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Shell Shocked: The brother and sister act

By Staff | Aug 1, 2018

Art Stevens

And then it dawned on me. He was sparing his sister from the consequences of his acts. He loved his sister and wanted her to hate him for what he did and was.

No, this won’t work. I write a humor column not a whodunit. I’d need to come up with specific characters, their background, the demons they carry around with them and their motives. Too much work. I’d rather hit a funny bone than land a punch to the jaw.

Let’s try this instead. A funny thing happened on the way to the Sanibel City Council meeting the other day. There was a protest going on. Hundreds of alligators carried signs that said “make love not shoes.” They didn’t think they were getting fair treatment in Sanibel. And they were tired of being second-class citizens. In point of fact, they weren’t citizens at all. The founders of our country didn’t give women the right to vote. And they also discouraged any mass congregation by alligators.

Alligators were relegated to swamps and were denied entry to Sanibel’s restaurants. The protest was peaceful. The alligators kept their jaws shut out of respect for democratic values. They could intimidate humans another day.

One alligator in particular was sparing his sister from the consequences of his acts. He loved his sister and wanted her to hate him for what he did and was.

Wait. I’m repeating myself. Now I’m not clear who was sparing his sister – the guy next door or the swamp alligator. Both have sisters. Why do I keep coming back to a love-hate relationship between a brother and a sister?

Let’s go in another direction. The checkout clerk at Bailey’s noticed something strange. A woman wearing a white dress was wheeling her cart through one of the aisles and took items off the shelves and placed them in her cart. But a closer look revealed that she was pretending to take items off the shelves because her cart was empty.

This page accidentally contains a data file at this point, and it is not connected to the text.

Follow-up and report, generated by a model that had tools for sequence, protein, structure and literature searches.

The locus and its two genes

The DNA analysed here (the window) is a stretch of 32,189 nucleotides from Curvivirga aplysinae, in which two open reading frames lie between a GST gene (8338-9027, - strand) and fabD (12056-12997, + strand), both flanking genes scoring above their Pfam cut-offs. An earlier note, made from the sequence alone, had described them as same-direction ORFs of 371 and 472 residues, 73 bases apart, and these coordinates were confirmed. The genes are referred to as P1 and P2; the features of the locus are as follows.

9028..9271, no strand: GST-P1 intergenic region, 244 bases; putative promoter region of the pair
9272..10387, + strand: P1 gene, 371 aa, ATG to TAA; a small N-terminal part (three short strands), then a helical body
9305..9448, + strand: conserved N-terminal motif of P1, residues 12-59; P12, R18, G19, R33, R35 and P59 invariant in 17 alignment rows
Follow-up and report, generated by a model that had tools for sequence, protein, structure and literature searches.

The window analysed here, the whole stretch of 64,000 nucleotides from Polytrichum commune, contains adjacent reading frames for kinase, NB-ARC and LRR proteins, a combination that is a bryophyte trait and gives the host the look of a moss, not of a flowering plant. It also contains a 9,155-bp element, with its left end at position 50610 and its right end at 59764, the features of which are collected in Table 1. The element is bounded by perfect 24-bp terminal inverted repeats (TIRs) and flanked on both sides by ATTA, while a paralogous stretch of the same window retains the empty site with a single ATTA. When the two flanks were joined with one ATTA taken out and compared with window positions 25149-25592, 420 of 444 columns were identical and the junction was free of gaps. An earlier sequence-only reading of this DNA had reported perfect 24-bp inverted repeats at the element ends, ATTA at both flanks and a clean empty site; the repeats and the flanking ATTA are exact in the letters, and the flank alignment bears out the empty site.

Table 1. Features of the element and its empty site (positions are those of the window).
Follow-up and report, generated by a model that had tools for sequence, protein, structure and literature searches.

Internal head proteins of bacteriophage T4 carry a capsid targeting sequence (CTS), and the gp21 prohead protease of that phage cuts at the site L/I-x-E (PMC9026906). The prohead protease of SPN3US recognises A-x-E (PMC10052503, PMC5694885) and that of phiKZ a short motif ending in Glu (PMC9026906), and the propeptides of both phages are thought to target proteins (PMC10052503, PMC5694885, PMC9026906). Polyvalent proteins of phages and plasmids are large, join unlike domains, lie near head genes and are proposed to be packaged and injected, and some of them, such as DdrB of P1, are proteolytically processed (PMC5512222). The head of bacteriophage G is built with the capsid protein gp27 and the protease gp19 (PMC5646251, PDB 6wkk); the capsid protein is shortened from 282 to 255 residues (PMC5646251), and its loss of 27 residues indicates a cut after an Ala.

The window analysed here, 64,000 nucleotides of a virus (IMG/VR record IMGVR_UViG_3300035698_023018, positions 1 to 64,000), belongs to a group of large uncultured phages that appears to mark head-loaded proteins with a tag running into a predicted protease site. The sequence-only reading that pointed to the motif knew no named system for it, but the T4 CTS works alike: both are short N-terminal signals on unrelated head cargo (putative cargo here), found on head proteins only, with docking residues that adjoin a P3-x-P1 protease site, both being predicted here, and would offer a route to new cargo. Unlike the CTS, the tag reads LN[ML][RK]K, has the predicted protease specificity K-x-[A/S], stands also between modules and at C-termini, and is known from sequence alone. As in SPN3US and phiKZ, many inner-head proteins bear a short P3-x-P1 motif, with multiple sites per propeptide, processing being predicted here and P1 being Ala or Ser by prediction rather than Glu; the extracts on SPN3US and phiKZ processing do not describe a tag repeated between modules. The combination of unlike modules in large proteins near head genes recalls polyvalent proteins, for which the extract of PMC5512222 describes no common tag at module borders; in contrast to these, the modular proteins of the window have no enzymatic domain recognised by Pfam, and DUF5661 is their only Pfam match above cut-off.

She would wheel her cart a few feet, pause, and review the food items in front of her. Then she would nod gently as though she had made an important decision and put her hands around a jar of apple sauce. She then went through the motion of placing the jar in her cart but she didn’t have anything in her hands. It was pure pantomime.

The checkout clerk motioned to the manager and suggested that he do something about this situation. The manager placed himself behind the woman and she once again placed her hands around another food item – a package of spaghetti. But again she put nothing but air into her cart. He played along. “I hate to interrupt your shopping. But there’s a great sale here today. You get two packages of spaghetti for the price of one.”

The woman smiled at him and reached for another package of spaghetti. Again she wrapped her hands around the package but left it on the shelf as she pantomimed placing it in her cart. Her cart remained totally empty.

She saw the puzzled look on the store manager’s face and said quietly, “I’m sparing my brother from the consequences of my acts. I love my brother and want him to hate me for what I did and was.”

I’ve now repeated that paragraph three times. What is compelling me to write this way? I know why. Infectious psychoses rule the air in Sanibel. All Sanibel brothers and sisters want to spare their siblings from the consequences of their acts. It’s clear to me now. Invisible forces are at work inside my brain. Hate, love. Love, hate. Who knows what evil lurks in the minds of siblings? The Shadow does.